function C = circulant(vec,direction)
%CIRCULANT Circulant Matrix.
% CIRCULANT(V,DIR) generates a square circulant matrix using the vector V
% as the first row of the result if V is a row vector or as the first
% column of the result if V is a column vector. V may be any numeric data
% type or a character string.
% DIR is an optional input argument that describes the circular shift
% direction. If DIR = 1, the shift is forward. If DIR = -1, the shift is
% backward. If DIR is not provided, DIR = 1 is used.
% A backwards (-1) shift, result is a symmetric
% circulant([2 3 5 7 11 13],-1)
% ans =
% 2 3 5 7 11 13
% 3 5 7 11 13 2
% 5 7 11 13 2 3
% 7 11 13 2 3 5
% 11 13 2 3 5 7
% 13 2 3 5 7 11
% A forwards (+1) shifted circulant matrix,
% built using the first row defined by vec.
% circulant([2 3 5 7 11],1)
% ans =
% 2 3 5 7 11
% 11 2 3 5 7
% 7 11 2 3 5
% 5 7 11 2 3
% 3 5 7 11 2
% A postively shifted circulant matrix, built
% from vec as the first column.
% ans =
% 2 11 7 5 3
% 3 2 11 7 5
% 5 3 2 11 7
% 7 5 3 2 11
% 11 7 5 3 2
% A negative shift applied to build a character
% circulant matrix.
% ans =
% See also: toeplitz, hankel
% Author: John D'Errico
% (The help was re-written to be more clear
% and concise by Duane Hanselman.)
% e-mail: email@example.com
% Release: 1.1
% Release date: 2/3/09
% error checks
if (nargin<1) || (nargin > 2)
error('circulant takes only one or two input arguments')
if (nargin < 2) || isempty(direction)
direction = 1;
error('direction must be either +1 or -1 if it is supplied')
% verify that vec is a vector or a scalar
error('vec must be a vector')
elseif length(vec) == 1
% vec was a scalar
C = vec;
% how long is vec?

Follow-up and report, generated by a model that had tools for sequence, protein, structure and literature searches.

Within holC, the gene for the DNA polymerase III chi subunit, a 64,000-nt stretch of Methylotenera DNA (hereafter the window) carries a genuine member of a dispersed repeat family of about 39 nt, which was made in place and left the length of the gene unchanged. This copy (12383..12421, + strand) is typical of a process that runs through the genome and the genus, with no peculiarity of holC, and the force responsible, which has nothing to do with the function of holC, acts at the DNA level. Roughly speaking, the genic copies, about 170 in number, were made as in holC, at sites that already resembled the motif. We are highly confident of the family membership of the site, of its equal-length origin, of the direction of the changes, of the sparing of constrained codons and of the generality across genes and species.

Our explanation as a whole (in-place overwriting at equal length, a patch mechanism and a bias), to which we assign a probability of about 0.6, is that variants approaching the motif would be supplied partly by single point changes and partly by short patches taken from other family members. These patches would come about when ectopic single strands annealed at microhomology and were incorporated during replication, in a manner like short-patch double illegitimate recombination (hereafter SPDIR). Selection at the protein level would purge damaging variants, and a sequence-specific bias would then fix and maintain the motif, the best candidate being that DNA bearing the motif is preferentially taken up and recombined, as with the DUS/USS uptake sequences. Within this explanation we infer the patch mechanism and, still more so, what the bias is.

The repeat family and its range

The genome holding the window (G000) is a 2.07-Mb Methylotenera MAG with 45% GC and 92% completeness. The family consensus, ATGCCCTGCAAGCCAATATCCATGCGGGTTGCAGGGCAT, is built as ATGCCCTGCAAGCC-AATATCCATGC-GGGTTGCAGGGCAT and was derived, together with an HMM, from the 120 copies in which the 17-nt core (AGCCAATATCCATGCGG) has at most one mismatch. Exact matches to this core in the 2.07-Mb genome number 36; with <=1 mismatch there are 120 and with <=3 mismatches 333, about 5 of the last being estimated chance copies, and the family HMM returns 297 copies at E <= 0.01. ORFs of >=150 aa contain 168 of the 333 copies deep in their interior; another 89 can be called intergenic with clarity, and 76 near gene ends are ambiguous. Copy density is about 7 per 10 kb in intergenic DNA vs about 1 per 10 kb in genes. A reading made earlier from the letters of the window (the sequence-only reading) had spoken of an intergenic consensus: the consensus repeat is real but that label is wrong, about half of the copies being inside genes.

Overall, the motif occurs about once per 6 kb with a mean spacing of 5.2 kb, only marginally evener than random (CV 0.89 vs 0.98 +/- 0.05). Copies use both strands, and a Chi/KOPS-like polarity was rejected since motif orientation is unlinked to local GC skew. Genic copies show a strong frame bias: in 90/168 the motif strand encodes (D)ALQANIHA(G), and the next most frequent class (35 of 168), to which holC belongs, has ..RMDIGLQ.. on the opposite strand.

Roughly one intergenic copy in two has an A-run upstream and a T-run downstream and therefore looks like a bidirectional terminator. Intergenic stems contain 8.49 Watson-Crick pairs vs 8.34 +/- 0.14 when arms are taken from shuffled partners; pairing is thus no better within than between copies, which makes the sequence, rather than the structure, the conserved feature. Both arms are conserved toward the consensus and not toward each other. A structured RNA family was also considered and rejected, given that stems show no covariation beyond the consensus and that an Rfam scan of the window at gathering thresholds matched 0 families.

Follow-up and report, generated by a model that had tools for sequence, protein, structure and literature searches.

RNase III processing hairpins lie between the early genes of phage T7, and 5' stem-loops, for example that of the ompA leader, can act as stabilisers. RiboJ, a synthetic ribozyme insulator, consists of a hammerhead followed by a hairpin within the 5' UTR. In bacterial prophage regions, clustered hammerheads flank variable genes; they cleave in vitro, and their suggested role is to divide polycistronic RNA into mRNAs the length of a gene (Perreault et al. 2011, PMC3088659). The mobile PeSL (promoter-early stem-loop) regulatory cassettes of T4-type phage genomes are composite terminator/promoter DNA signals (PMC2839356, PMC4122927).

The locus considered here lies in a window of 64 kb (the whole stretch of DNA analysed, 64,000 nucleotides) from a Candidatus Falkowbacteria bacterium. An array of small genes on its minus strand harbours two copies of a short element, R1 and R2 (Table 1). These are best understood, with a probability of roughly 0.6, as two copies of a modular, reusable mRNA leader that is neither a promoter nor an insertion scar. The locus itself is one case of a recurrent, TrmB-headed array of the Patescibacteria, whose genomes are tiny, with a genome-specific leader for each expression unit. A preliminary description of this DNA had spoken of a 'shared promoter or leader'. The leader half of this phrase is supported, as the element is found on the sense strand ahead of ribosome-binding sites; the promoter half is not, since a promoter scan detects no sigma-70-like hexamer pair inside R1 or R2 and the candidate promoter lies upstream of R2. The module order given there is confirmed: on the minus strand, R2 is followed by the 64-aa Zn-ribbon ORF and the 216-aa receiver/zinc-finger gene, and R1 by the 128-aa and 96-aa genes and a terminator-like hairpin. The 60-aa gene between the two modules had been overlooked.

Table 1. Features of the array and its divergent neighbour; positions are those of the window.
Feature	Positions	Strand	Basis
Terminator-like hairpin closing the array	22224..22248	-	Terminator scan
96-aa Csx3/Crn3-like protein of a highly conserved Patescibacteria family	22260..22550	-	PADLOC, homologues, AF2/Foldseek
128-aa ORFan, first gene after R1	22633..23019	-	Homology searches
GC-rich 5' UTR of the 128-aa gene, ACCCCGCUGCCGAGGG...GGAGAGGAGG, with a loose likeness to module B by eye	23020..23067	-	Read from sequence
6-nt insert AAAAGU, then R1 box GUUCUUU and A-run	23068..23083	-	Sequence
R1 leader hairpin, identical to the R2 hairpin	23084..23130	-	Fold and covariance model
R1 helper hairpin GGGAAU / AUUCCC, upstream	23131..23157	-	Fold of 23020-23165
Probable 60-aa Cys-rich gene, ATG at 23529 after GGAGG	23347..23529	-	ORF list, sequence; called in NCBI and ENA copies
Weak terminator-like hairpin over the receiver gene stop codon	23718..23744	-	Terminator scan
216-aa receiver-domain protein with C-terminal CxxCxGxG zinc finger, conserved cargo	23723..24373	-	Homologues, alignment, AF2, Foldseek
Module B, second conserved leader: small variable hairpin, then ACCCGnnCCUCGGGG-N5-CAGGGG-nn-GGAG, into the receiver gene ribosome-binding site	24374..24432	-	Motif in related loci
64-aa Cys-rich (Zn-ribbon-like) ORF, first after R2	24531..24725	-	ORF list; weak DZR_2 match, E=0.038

n = length(vec);
n1 = n-1;
if direction == -1
% negative circular shift.
% create the circulant matrix. Yeah, I know,
% it only takes one line using bsxfun.
% Alternatively, it can be done as a hankel
% matrix variant. I like the bsxfun construct
% the best, and it is 40% faster than a call
% to Hankel. Even my repmat version is faster
% than the hankel solution.
% C = vec(hankel(1:n,circshift(1:n,[0 1]))));
% For anyone who really wants a slight speed
% bump, uncomment the bsxfun version below
% instead, and comment out the repmat version
% below. I considered putting in a test to see
% if bsxfun exists, but the test itself wastes
% more time on small vectors compared to the
% small additional time the repmat version
% C = vec(mod(bsxfun(@plus,(0:n1)',0:n1),n)+1);
% The fact is, there are still too many users
% around that don't have a new enough release
% that includes bsxfun. Since the repmat
% solution here is absolutely trivial,
% I'll be friendly and use it instead. I also
% did a very quick test, and even for vectors
% of length 500, there was only a 10% time
% penalty for the use of repmat versus bsxfun
C = repmat(0:n1,n,1);
C = vec(mod(C+C',n)+1);
% positive circular shift. We end up as a
% call to toeplitz here. This variant too can
% be sped up using bsxfun. Here the speedup
% is roughly 20% over toeplitz for vectors of
% length 500. Again though, for small vectors,
% the test just to see if bsxfun exists takes
% more time than the call to toeplits.
% if bsxfun exists and you really want that
% speed bump, just swap in the following block
% of code:
% if size(vec,1) == 1
% % vec was a row vector, so it defines
% % the first row of C.
% C = vec(mod(bsxfun(@plus,(0:-1:(-n1))',0:n1),n)+1);
% % vec must be a column vector, so it
% % defines the first column of C.
% C = vec(mod(bsxfun(@plus,(0:n1)',0:-1:(-n1)),n)+1);
% assuming no bsxfun
% was vec a row or column vector?
if size(vec,1) == 1
% vec was a row vector, so it defines
% the first row of C.
rind = 1:n;
cind = n + 2 - rind' ;
cind(cind == (n+1)) = 1;
% vec was a column vector, so it defines
% the first column of C.
cind = (1:n)';
rind = n + 2 - cind';
rind(rind == (n+1)) = 1;
% once the first row and column is given,
% just call toeplitz
C = vec(toeplitz(cind,rind));